Erg Chigaga: This is Erg Chigaga’s pristine and removed (Morocco tourism & Morocco private tours) Sahara Desert. There are not many tourists who venture there because it is slightly more remote than Erg Chebbi. The area has stunning scenery, wildlife, traditional nomads, and sometimes extreme weather patterns, making it more of a seasonal destination at certain times of the year.


Touring Morocco Agency

Contemporary Morocco tours from israel & Jewish culture in Morocco stems from more than a thousand years of coexistence with Berbers, Muslims, and European colonialists. Your 13-day Morocco tours from israel takes you in the footsteps of these persistent people. Throughout the country’s history and religion. Look for items of Jewish origin dating back to the Roman occupation, as well as protected synagogues within 500 years of existence. Find cities full of contemporary images, ancient tombs, familiar flavors, and lavish legends all associated with Judaism.

Your expeditions begin in Casablanca, the city with the largest Jewish population in Morocco. Private transfer will meet you on arrival and escort you to your luxury hotel. Make your way through the city on a private Morocco tours from israel, visiting the Old Jewish Quarter, then the newer neighborhood to find the Temple of Beit El and the beautiful Hassan II Mosque. The next day, a private transfer out of town takes you to Tangier. On the way, visit Morocco’s current capital, Rabat, and its sister city, Salé.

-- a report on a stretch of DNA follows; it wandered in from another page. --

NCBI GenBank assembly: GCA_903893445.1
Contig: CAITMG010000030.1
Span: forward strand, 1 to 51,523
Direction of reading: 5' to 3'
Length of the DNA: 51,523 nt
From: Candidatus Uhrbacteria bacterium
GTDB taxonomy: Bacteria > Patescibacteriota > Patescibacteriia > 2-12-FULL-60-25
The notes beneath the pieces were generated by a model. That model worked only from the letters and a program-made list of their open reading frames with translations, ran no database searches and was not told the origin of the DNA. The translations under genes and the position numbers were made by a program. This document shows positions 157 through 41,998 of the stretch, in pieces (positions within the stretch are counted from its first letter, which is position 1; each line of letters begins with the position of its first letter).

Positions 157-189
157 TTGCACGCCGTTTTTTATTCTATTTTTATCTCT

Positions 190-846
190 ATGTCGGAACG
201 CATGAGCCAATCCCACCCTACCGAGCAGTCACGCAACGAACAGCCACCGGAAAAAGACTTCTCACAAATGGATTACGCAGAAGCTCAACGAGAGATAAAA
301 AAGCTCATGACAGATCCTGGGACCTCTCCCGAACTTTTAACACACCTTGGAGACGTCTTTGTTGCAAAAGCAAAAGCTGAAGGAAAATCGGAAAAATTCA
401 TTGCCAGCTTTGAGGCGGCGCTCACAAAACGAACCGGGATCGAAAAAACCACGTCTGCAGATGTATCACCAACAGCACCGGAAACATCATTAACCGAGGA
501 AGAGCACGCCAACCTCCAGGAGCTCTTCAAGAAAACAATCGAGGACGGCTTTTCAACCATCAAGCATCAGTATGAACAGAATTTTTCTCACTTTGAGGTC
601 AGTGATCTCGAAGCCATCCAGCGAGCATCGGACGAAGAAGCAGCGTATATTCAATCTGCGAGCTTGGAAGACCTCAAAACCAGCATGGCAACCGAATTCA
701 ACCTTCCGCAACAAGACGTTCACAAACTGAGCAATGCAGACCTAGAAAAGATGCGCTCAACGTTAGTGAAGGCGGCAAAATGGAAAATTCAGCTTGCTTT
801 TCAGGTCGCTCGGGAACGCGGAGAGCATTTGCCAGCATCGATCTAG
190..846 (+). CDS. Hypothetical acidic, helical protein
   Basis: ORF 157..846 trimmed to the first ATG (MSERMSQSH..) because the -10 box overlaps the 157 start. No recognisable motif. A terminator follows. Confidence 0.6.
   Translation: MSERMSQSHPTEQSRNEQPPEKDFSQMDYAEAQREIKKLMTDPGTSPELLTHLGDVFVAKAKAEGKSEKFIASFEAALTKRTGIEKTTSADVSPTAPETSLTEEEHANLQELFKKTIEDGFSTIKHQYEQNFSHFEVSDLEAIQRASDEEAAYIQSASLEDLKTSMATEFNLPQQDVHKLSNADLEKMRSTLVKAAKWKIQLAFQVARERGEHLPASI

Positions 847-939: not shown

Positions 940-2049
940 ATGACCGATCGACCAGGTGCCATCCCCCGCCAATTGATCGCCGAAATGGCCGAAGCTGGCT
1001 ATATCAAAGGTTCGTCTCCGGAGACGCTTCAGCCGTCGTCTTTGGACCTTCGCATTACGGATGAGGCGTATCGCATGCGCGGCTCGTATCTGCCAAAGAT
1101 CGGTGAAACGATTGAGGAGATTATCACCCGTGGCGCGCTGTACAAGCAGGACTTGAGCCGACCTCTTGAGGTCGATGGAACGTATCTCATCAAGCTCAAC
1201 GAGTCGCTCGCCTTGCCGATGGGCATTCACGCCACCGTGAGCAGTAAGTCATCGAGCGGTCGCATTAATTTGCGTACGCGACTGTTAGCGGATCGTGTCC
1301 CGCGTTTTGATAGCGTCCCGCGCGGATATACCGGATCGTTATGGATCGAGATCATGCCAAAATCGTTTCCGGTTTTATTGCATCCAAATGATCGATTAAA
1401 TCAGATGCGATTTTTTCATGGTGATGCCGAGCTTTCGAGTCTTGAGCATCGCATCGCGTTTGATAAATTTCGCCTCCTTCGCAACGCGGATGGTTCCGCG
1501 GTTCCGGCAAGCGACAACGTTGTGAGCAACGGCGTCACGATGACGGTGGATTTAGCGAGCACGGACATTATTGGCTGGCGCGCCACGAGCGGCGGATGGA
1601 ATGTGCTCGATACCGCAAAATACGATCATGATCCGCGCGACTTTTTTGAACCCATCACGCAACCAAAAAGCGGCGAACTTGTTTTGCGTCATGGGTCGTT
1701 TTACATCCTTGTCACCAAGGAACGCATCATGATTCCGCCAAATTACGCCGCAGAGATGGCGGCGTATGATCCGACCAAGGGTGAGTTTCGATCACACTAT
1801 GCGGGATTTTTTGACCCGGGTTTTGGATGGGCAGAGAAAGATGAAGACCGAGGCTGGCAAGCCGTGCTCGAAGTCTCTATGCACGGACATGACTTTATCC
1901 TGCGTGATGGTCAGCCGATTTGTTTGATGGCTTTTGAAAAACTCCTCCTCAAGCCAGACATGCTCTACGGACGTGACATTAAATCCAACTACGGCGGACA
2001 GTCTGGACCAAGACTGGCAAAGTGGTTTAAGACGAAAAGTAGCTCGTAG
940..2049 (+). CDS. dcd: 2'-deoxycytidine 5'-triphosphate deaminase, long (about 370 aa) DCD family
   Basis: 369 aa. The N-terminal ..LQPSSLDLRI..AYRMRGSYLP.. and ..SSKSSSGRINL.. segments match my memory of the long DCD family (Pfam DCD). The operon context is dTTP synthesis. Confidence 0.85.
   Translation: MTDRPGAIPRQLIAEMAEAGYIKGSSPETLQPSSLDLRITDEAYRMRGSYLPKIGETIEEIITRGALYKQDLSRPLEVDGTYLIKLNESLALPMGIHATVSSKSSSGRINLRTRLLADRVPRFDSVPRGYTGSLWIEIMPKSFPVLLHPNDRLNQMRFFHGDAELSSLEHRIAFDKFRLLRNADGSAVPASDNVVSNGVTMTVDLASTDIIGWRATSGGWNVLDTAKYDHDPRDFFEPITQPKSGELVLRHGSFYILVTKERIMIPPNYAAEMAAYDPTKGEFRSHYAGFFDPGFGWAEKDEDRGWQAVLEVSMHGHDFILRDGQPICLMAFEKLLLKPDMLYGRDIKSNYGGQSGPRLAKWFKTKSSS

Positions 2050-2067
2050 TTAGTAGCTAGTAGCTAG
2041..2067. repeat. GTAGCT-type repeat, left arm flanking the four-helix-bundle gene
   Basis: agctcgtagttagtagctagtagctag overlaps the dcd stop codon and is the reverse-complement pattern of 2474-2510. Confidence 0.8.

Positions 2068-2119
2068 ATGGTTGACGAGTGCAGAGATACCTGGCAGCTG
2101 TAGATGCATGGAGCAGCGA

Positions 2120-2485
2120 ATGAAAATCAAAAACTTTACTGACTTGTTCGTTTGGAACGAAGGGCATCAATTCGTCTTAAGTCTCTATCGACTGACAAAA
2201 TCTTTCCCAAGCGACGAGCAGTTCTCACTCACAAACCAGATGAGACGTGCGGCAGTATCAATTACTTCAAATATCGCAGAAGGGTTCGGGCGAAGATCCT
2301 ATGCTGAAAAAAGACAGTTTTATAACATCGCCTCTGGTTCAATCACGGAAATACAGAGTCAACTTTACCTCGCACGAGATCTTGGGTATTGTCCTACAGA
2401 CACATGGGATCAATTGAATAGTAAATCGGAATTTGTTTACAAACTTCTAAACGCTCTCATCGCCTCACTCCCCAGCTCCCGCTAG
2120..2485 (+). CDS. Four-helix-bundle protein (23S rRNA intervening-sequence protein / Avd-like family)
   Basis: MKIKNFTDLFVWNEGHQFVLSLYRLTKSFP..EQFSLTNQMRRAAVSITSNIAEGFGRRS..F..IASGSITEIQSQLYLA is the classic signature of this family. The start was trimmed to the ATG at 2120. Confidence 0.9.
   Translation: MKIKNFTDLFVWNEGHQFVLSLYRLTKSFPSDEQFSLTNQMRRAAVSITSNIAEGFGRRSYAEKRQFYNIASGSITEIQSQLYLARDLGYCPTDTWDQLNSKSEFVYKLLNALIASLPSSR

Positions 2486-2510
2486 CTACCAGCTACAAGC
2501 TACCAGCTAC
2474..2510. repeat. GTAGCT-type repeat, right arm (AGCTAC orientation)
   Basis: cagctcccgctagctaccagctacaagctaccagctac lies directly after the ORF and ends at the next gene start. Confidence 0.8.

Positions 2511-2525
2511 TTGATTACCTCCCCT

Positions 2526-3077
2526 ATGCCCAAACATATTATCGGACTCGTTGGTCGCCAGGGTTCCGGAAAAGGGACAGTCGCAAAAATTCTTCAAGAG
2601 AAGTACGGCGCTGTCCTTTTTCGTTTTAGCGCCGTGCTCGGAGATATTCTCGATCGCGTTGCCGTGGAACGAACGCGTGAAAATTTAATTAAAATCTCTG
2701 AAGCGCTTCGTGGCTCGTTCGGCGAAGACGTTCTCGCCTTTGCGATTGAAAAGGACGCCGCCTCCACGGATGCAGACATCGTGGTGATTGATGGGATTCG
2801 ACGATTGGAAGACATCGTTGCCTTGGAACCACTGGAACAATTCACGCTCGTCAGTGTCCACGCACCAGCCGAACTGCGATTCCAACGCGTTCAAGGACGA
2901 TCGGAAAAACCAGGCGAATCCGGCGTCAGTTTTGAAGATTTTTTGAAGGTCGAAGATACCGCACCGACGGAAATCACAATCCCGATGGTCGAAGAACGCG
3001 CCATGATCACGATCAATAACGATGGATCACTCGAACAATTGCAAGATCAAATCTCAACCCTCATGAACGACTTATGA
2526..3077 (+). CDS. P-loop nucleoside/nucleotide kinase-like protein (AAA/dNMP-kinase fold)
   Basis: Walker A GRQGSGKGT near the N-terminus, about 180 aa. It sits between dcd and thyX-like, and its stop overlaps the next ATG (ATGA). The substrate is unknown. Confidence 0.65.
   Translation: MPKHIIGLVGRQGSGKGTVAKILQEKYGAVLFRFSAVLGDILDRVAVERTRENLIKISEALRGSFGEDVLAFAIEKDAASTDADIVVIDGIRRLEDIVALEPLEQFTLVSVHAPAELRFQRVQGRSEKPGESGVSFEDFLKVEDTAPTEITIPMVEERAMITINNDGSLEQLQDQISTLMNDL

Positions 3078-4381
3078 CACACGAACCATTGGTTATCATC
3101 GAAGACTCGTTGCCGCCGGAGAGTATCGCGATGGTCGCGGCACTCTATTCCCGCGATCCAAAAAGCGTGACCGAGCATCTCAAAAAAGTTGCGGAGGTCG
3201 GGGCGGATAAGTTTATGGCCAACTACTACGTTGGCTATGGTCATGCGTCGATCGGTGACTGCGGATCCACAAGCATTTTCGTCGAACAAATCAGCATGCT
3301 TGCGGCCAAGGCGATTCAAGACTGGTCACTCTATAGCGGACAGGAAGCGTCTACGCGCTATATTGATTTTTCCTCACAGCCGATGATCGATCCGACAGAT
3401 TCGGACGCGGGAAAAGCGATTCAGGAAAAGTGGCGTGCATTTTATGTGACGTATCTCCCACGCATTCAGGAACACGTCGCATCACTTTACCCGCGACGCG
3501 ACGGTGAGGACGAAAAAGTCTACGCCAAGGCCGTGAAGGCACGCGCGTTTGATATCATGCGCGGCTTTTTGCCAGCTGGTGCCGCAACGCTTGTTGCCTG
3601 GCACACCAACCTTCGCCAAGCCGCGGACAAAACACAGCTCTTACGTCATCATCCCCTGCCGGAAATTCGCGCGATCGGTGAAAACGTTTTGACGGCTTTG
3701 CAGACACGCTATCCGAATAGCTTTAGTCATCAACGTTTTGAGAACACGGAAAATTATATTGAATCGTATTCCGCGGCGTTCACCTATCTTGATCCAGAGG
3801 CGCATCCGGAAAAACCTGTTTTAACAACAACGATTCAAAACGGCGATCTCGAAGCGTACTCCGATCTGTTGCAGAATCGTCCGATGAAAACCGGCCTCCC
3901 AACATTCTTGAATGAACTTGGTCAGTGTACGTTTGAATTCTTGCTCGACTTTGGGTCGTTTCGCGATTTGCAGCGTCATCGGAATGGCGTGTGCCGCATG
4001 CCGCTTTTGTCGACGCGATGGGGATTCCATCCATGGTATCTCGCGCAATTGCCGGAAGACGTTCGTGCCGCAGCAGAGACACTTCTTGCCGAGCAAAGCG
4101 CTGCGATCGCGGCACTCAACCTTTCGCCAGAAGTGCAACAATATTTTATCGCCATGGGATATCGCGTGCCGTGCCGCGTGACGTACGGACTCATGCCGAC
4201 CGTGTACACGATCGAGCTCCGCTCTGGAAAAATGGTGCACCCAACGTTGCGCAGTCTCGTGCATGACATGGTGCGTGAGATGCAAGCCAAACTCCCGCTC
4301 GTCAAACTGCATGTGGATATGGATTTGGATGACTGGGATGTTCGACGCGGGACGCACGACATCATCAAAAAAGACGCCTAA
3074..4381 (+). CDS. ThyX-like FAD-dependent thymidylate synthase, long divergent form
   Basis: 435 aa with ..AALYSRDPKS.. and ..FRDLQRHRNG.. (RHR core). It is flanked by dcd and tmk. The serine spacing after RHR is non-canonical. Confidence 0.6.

Salé, the birthplace of Rabbi Haim bin Musa Attar, contains elements of his historical connection to Kabbalah. In Tangier, visit a touch of American history at the US Legation, the first American public property outside the United States, along with a charming café overlooking the ocean. Enjoy a day trip to Tetouan, a city in the Rif Mountains and home to an array of synagogues that have recently been remodeled into homes. Before reaching Fez, stop at Meknes, the 17th-century capital of Morocco that had two separate sailors at the time, with eight synagogues collectively.

The Roman ruins surrounding Volubilis contain traces of the country’s first Jewish settlement. Once in Fez, look for El Mellah, which is formerly home to over 10,000 Jews and 40 synagogues. The medieval town maintains a semblance of historic architecture, design, and traditions, attracting visitors from all over the world. Your private guide takes you through town, finding similar tastes between the sailor’s architecture and the surrounding city. Venture into the Atlas Mountains to visit Berber villages with the remains of a synagogue and a Jewish cemetery.